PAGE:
Nonetheless, he recognizes that, although human beings are exposed to the universal forces of digital change, there is still scope for action with regard to the expressions of digitization: “But while culture can advance or retard expression, the underlying forces are universal”. And elsewhere:
„We are morphing so fast that our ability to invent new things outpaces the rate we civilize them. These days, it takes us a decade after a technology appears to develop a social consensus on what it means and what etiquette we need to tame it.”
This raises the question of the inevitability of certain technological developments. Basically, it can be said that few things have proven to be unavoidable in history in the long run. There is, and always has been, the possibility of refusal, withdrawal, or regulation. The latter may come late but will come all the same. Even though many evangelists, but also companies, challenge the option of regulation, we know that there is always counter-movement to every movement, resulting – at least in the majority of cases – in mutual compromise.
The problem is, however, that we can only understand and recognize any result and process in retrospect. And even a supposedly ‘fixed’ status quo such as the nuclear phase-out can be changed at a later time when the use of nuclear energy would become socially accepted in a modified form again. In this context, the term “inevitable” generates the embarrassing feeling of being trapped and at the mercy of our desires and peer pressure – the need to fit in. At this point, the term becomes a “self-fulfilling prophecy”.
Invitation to an ‘inevitable‘ dialog
As apodictic as Kelly’s theses come across, and as much as we agree that (technological) developments are unavoidable for a period of time – at least as long as we want to participate in them: they should be understood less as a prediction of inevitability, but as an offer to start a fruitful dialog on the matter of digital change. And this is the special merit of Kelly, helping us understand present developments, identify and interpret them. Describing, for example, that there are many various forms of intelligence, and pointing at the fact that machine intelligence is very different from human intelligence, Kelly provides valuable insights into the huge potential of digitization. At the same time, it is becoming clear that there are risks that could far exceed the possibilities and opportunities of “Artificial Intelligence” (AI).
If we want to further influence developments and keep control over them, we have to deal with them in a constructive manner. And this is what we want and will do. In retrospect, it has always been public discussion and the coöperation of economy and society that enabled a “social consensus”, helping turn the benefits of technology into genuine progress.
Technological aberrations do not fundamentally disprove progress, but can be seized as an opportunity and used as approach to make corrections. Opening up whole new dynamics for us, the ongoing digitization calls for completely novel dynamics of questioning things. Already today, we can see new dimensions of how people challenge or argue – a development outlined by Kelly as a future trend (Questioning, 11).
If digitization is inevitable, we must understand it as our inevitable task to ensure that new technologies will be used as an extension of human possibilities – but not as a means of limiting humanity. Technologies create opportunities and options. They will gain acceptance only if they support us in solving problems and helping us meet the most pressing challenges we face today and tomorrow.
One of these big challenges is the question of how we deal with the infinitely increasing amount of knowledge being generated every day and making us “permanent newbies”. Due to the fact that we are becoming such permanent newbies, we will not be able to fully master things anymore. We will be, on the contrary, subject to constant change. If we want to make use of this ever increasing amount of knowledge, we will have to accept change and develop new skills to tackle with upcoming challenges – which also includes the use of new technologies.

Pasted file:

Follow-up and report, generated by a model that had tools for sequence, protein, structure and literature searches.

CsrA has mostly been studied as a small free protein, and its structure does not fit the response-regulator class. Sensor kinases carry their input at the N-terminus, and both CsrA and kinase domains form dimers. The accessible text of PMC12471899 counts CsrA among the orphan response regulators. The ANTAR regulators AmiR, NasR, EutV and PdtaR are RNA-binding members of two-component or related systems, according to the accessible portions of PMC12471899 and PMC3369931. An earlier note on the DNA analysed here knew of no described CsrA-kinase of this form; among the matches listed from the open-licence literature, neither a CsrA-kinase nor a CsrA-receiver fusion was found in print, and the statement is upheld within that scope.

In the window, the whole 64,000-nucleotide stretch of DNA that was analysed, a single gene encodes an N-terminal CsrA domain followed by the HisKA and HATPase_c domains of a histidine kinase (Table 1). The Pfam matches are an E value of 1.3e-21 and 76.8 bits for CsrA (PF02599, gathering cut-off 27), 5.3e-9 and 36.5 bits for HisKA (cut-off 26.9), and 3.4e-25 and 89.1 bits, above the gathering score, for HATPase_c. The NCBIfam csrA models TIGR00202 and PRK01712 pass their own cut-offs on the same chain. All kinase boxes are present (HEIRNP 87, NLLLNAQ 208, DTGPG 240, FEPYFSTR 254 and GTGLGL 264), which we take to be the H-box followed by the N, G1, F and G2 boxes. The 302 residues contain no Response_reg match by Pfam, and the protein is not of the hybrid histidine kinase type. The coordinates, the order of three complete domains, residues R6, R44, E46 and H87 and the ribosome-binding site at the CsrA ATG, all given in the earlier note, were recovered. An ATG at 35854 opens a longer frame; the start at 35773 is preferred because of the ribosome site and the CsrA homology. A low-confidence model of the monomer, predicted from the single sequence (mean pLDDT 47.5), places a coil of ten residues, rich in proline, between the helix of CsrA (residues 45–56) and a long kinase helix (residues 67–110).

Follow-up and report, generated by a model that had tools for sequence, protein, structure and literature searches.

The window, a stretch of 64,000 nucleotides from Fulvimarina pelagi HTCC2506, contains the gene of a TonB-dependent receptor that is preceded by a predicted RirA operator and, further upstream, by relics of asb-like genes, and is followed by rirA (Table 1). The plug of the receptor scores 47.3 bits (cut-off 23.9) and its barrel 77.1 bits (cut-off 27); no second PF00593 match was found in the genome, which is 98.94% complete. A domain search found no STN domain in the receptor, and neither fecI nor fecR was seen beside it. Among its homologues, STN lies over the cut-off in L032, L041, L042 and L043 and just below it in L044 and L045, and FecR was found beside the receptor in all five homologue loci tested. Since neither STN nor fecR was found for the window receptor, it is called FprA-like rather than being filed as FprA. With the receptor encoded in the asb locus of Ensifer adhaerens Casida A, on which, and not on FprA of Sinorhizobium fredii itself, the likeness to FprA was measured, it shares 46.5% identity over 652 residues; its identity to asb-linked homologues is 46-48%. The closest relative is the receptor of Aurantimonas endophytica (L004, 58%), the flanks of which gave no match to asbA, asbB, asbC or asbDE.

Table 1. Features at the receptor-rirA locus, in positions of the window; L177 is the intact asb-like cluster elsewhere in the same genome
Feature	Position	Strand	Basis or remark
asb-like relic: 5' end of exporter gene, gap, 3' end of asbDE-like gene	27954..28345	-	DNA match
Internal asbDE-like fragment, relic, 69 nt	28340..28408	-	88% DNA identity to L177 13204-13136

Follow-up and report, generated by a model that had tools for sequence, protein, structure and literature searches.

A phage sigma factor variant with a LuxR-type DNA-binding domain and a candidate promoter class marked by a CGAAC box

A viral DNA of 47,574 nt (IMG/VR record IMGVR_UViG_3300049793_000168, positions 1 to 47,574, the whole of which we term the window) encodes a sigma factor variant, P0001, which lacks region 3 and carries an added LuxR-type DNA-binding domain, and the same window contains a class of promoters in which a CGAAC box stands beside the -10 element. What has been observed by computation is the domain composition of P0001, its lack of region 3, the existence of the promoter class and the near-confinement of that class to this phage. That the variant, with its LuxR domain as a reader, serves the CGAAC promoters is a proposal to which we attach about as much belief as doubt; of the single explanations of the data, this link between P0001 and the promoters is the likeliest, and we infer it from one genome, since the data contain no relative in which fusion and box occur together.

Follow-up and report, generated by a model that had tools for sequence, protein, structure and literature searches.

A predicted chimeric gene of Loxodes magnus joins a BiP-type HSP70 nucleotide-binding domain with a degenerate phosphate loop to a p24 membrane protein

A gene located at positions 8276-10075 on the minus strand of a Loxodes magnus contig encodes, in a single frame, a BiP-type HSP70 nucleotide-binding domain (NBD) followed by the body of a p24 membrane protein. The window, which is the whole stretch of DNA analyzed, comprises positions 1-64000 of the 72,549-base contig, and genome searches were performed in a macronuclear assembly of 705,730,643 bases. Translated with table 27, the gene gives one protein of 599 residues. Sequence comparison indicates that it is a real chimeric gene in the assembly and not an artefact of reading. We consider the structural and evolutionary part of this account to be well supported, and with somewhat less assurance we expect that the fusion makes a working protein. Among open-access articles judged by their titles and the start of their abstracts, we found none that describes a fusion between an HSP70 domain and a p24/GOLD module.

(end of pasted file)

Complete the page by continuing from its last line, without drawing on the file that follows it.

And this is where we experience a tremendous expansion of human possibilities. At the same time, this is the point where we face the need to think about the topic of ‘resilience’. We should think, in spite of all the euphoria, about possible negative effects and how we can prevent them. It is important not to bury our heads in the sand, but to follow the call to think ahead.
For example, ’smart home’: It is very good when smart home technologies help us protect privacy and prevent damage from burglary. At the same time, the same technology can be used by burglars to gain easier access to our homes. In addition, the constant collection of smart home-generated data could lead to negative effects on privacy, although they were, by definition, designed to improve the quality of services and products as well as to develop new applications.
The example shows how important it is to think ahead and make corrections if necessary. Only if we address present and future developments and trends openly, we can prevent their concrete expressions from becoming inevitable.
Thinking ahead and leading an open and unbiased discourse secures our further participation in change. This way, we will be acting and creative subjects and not objects. One the other hand, both hostility towards technology as well as uncritical enthusiasm would lead to inevitability at the end of the day. Risks are not collateral damages, but only a consequence of the refusal to think ahead, treat customers with respect, and understand problems within the context of change.
And this is where the challenge for innovators starts – and where the wheat is sorted from the chaff, separating the winners from the losers.
 Kelly, The Inevitable: Understanding the 12 Technological Forces That Will Shape Our Future, Hardcover Edition – June, 7, 2016, p. 4.
 Kelly, pp. 193 ff.
 Regulation without balancing the interests of economy and society is often seen as an obstacle to innovation (cf. https://www.bearingpoint.com/de-de/unsere-expertise/insights/droht-der-digitalwirtschaft-eine-regulierungsbremse/).
 Kelly, pp. 207 ff et passim.
 Kelly, pp. 237 ff.
 Cf. a more critical view on innovation in: Ai Weiwei lebt in unserer Zukunft, https://netzpolitik.org/2015/hans-de-zwart-ai-weiwei-lebt-in-unserer-zukunft/
 Kelly, pp. 261 ff.; on the development of modern privacy cf.: P. Aries, G. Duby, The History of Private Live, 5 volumes, 1993.
 Kelly, p. 262.
 Kelly, pp. 294 ff.
 Kelly, p. 5.
 Kelly, p. 4.
 Kelly, p. 5.
 Kelly, pp. 269 ff.